Elevators of the Lip
Five muscles elevate the lip and corner of the mouth. The levator labii superioris alaque nasi is the most medial of these muscles, originating from the frontal process of the maxilla passing inferiorly along the  side of the nose. It then splits into a medial and a lateral portion to insert into the wing of the nose and into the upper lip. This muscle functions in dilating the nostril and raising the upper lip.
The levator labii superioris originates from the maxilla and zygoma just inferior to the orbit. Its fibers pass across the infraorbital foramen to insert into the upper lip, lateral to and intermingling with the fibers of the levator labii superioris alaque nasi. The levator labii superioris elevates and protrudes the upper lip.
The levator anguli oris lies deep to the levator labii superioris. It originates below the infraorbital foramen, from the canine fossa of the maxilla, to insert into the corner of the mouth. This muscle elevates the angle of the mouth and assists in the formation of the nasolabial furrow.
The zygomaticus minor, a slender muscle arising from the maxillary process of the zygomatic bone, inserts just lateral to the insertion of the levator labii superioris muscle. This muscle elevates the upper lip. It also assists in the formation of the nasolabial furrow.
The zygomaticus major is the lateral-most muscle of this group. It originates on the temporal process of the zygomatic bone and inserts into the corner of the mouth. This muscle elevates the corner of the mouth and pulls it laterally.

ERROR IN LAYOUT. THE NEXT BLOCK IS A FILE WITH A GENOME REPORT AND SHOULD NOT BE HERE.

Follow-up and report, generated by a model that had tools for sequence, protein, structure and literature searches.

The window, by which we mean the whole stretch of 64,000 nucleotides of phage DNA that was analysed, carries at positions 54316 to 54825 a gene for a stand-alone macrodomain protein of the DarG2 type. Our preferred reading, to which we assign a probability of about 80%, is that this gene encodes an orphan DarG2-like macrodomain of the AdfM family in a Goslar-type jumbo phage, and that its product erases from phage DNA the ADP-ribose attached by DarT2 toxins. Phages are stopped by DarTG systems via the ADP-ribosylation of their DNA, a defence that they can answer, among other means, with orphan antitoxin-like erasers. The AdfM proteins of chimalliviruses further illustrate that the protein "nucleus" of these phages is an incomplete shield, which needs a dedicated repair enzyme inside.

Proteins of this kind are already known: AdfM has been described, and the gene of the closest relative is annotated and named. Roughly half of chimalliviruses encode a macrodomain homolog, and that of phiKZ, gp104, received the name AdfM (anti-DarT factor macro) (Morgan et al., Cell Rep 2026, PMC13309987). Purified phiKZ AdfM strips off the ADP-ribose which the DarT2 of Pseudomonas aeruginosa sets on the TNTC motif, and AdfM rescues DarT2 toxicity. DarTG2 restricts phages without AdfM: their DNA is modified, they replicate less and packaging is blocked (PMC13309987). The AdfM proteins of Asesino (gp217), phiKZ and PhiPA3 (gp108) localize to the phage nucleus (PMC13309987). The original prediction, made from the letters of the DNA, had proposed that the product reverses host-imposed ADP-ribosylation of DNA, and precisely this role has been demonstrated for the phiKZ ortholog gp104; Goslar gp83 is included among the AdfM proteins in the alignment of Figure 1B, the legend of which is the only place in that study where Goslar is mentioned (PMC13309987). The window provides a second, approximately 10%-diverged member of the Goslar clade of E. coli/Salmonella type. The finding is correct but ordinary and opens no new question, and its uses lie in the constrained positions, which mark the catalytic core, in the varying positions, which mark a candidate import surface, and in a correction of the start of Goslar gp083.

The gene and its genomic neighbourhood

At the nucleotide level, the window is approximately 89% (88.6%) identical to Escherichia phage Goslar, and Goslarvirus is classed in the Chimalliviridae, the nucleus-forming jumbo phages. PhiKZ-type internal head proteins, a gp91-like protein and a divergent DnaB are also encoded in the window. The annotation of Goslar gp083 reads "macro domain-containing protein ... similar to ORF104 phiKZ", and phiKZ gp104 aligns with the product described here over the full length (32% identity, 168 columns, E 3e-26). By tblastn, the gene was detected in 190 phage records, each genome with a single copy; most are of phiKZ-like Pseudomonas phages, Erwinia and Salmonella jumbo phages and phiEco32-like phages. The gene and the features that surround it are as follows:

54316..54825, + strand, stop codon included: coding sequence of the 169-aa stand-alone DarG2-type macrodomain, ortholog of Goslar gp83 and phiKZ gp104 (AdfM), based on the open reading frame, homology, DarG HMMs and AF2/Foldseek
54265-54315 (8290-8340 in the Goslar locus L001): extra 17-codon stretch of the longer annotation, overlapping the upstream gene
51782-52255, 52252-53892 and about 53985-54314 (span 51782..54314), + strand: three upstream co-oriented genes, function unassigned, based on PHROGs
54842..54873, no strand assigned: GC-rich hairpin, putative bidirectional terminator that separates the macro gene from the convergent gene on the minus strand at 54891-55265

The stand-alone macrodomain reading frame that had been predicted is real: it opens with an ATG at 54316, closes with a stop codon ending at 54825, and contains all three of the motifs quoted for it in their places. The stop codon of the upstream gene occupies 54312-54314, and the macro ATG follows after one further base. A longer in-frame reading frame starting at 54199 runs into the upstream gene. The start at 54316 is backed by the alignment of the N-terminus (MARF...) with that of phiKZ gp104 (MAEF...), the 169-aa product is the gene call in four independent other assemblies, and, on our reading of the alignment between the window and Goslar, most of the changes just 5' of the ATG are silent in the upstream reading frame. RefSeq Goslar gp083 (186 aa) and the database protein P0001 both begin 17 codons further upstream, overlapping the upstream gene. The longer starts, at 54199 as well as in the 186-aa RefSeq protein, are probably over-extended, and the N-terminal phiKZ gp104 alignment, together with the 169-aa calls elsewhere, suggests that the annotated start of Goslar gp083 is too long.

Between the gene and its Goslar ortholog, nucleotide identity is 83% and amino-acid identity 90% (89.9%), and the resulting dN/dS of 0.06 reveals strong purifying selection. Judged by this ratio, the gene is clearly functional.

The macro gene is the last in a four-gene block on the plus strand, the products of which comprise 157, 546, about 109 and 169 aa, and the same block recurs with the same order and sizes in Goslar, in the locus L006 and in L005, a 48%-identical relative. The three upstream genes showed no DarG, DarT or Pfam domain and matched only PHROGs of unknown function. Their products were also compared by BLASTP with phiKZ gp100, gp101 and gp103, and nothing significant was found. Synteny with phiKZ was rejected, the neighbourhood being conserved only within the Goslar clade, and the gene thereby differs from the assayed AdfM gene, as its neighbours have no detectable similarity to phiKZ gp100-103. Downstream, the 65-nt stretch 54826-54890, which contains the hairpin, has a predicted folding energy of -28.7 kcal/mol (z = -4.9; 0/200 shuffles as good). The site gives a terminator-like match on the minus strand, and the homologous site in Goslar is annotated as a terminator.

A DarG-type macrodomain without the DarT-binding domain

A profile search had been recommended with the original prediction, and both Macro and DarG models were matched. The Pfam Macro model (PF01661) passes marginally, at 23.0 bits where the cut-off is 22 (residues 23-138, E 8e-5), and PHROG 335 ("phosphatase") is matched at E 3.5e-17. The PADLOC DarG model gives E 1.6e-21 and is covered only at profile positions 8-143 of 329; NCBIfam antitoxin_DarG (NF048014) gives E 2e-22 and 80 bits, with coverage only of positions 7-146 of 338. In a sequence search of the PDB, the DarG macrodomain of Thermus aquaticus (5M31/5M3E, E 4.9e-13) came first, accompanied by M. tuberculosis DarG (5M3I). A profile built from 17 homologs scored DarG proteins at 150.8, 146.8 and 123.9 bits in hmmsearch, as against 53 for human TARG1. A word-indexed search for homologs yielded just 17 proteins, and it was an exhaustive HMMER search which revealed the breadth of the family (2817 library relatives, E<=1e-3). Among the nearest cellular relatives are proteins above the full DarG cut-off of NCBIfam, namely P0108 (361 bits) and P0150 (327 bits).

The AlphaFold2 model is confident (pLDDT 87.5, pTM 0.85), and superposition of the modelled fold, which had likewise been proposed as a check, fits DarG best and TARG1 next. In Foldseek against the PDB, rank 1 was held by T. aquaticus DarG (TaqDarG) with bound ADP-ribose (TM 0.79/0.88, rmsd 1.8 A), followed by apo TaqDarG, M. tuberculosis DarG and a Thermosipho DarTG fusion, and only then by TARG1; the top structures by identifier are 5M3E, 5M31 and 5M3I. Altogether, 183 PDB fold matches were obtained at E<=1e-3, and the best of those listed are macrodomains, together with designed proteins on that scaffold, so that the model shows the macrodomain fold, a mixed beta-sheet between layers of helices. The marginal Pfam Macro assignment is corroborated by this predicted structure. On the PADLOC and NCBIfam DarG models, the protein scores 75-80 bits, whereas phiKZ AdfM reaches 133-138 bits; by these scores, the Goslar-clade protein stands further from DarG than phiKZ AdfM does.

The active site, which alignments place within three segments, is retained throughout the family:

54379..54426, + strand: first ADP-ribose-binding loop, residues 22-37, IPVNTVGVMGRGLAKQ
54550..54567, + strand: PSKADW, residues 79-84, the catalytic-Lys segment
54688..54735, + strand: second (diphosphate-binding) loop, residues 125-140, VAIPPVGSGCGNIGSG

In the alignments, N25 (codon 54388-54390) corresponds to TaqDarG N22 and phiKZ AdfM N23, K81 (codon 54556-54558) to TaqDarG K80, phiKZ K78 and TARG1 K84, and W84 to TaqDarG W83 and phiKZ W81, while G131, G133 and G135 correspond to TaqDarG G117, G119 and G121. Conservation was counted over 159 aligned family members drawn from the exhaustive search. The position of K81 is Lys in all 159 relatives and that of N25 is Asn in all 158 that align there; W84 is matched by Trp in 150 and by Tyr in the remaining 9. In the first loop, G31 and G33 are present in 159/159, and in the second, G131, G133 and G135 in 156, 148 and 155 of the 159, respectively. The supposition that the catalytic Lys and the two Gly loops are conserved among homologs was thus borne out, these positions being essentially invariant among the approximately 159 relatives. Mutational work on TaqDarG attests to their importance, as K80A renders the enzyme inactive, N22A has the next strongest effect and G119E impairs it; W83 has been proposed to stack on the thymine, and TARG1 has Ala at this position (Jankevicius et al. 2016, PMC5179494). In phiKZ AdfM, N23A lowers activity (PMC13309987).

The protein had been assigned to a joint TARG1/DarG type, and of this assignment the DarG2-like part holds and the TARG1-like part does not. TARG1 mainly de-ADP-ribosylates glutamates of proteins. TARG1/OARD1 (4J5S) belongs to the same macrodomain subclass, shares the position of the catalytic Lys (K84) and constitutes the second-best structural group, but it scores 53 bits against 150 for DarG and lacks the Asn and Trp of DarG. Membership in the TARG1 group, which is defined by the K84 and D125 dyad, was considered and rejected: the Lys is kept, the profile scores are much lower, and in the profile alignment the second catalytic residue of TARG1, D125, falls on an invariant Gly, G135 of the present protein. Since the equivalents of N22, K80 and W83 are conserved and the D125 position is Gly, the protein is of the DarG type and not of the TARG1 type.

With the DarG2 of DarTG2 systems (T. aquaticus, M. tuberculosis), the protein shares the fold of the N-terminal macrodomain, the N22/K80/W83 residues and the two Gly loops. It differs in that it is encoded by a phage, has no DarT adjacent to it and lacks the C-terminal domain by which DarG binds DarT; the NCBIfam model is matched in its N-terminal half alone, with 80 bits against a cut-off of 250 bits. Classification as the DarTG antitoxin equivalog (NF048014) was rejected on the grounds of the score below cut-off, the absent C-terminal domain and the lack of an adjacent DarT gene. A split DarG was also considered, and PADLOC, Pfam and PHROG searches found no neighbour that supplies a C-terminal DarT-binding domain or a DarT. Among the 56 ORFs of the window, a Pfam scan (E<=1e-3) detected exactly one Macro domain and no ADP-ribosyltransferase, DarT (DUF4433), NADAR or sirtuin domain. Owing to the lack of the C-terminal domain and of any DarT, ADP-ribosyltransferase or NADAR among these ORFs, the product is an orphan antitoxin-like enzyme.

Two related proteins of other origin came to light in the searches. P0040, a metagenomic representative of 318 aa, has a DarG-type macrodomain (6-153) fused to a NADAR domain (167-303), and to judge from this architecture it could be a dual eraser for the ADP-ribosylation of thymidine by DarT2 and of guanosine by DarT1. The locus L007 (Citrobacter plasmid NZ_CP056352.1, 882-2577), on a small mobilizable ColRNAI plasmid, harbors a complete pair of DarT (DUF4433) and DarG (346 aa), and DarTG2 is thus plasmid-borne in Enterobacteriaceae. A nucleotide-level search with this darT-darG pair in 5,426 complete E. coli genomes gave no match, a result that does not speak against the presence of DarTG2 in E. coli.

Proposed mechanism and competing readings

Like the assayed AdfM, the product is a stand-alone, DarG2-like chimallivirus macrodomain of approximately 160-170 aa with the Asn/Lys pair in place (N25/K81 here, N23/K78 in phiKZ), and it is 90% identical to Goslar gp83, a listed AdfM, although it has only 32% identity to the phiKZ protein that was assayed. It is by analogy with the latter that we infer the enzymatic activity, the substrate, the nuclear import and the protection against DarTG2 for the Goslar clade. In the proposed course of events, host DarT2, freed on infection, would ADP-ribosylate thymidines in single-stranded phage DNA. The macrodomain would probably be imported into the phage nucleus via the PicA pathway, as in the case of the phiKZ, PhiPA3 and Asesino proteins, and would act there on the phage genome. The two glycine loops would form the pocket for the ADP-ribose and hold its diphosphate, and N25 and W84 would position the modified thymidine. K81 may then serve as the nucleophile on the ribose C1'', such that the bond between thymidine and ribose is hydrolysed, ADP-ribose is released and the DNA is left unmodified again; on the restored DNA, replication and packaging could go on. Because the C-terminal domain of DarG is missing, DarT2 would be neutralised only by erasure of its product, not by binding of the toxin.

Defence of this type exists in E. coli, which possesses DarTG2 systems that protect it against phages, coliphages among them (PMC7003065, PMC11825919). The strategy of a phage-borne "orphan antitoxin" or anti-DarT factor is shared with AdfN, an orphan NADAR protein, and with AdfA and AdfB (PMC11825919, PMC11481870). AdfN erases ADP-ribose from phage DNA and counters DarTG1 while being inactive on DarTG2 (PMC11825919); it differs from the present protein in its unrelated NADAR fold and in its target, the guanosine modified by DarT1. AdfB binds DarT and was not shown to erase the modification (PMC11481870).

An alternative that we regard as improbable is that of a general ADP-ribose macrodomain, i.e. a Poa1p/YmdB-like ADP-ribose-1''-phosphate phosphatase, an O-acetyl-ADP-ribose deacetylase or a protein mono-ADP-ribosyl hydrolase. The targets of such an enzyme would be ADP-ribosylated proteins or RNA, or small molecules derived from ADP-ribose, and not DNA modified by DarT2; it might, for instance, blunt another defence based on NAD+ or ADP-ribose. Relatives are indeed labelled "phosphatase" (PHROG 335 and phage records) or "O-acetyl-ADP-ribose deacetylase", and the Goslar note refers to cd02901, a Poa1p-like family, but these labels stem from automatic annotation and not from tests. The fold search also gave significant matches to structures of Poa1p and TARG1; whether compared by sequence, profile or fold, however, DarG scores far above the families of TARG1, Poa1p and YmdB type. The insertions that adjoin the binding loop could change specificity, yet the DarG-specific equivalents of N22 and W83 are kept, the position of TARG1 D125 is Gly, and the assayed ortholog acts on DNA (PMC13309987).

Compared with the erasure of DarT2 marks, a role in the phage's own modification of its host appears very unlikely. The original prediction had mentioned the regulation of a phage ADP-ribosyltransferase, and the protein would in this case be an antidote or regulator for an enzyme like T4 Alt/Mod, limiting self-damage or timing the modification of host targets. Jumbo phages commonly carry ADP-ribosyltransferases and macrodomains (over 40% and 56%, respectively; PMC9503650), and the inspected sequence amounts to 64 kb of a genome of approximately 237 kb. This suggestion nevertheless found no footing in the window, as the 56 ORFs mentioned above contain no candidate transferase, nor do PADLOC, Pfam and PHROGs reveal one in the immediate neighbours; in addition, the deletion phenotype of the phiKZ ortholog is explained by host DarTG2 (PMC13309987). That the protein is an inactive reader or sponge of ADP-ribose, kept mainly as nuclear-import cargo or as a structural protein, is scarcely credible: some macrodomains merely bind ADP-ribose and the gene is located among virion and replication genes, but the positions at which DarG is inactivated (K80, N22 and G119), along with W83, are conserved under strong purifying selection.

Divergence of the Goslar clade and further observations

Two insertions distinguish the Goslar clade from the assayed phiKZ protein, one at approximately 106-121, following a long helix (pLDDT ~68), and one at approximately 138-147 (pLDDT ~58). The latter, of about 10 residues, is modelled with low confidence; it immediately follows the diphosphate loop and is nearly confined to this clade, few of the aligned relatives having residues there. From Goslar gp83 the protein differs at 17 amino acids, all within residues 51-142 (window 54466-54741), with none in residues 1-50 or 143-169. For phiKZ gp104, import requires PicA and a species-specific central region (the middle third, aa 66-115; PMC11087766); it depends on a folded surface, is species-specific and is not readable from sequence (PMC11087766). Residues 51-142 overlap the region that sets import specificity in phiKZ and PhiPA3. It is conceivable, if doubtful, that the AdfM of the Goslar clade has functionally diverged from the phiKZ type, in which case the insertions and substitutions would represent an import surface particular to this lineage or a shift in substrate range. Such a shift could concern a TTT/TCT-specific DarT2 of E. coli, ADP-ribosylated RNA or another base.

All of the five muscles acting to elevate the lips are innervated by the buccal branches of the facial nerve.

Muscle of the Cheek
The buccinator, a quadrangule-shaped muscle occupying the space between the mandible and the maxilla, is the primary muscular component of the cheek. It lies deep to the muscles of facial expression and is separated from them by the buccopharyngeal facia and the buccal fat pad. The parotid duct pierces the substance of this muscle to enter the oral vestibule.
The buccinator originates on the maxilla and mandible, specifically on the buccal surfaces of the alveolar processes in the vicinity of the three molars, and from the pterygomandibular raphe, a collagenous tendinous inscription attached to the pterygoid hamulus and the mylohyoid line of the mandible. This raphe is interposed between the buccinator and superior pharyngeal constrictor muscles.
The buccinator inserts into the fleshy corner of the lip in such a fashion that the upper fascicles and the lower fascicles decussate at the corner of the mouth and insert into the lower and upper lips, respectively, becoming fibers of the orbicularis oris. The highest and lowest fascicles, however, continue without decussation into the upper and lower lips, respectively.
The buccinator muscle acts to press the mucosa of the cheek against the teeth, thus aiding in mastication and deglutition. In addition, it assists in distending the oral vestibule and forcefully expelling air, as in blowing dust particles off a surface. The buccal branch of the facial nerve innervates this muscle.


Saturday, October 29, 2011

A Note on Active Components of removable orthodontic appliances


Active components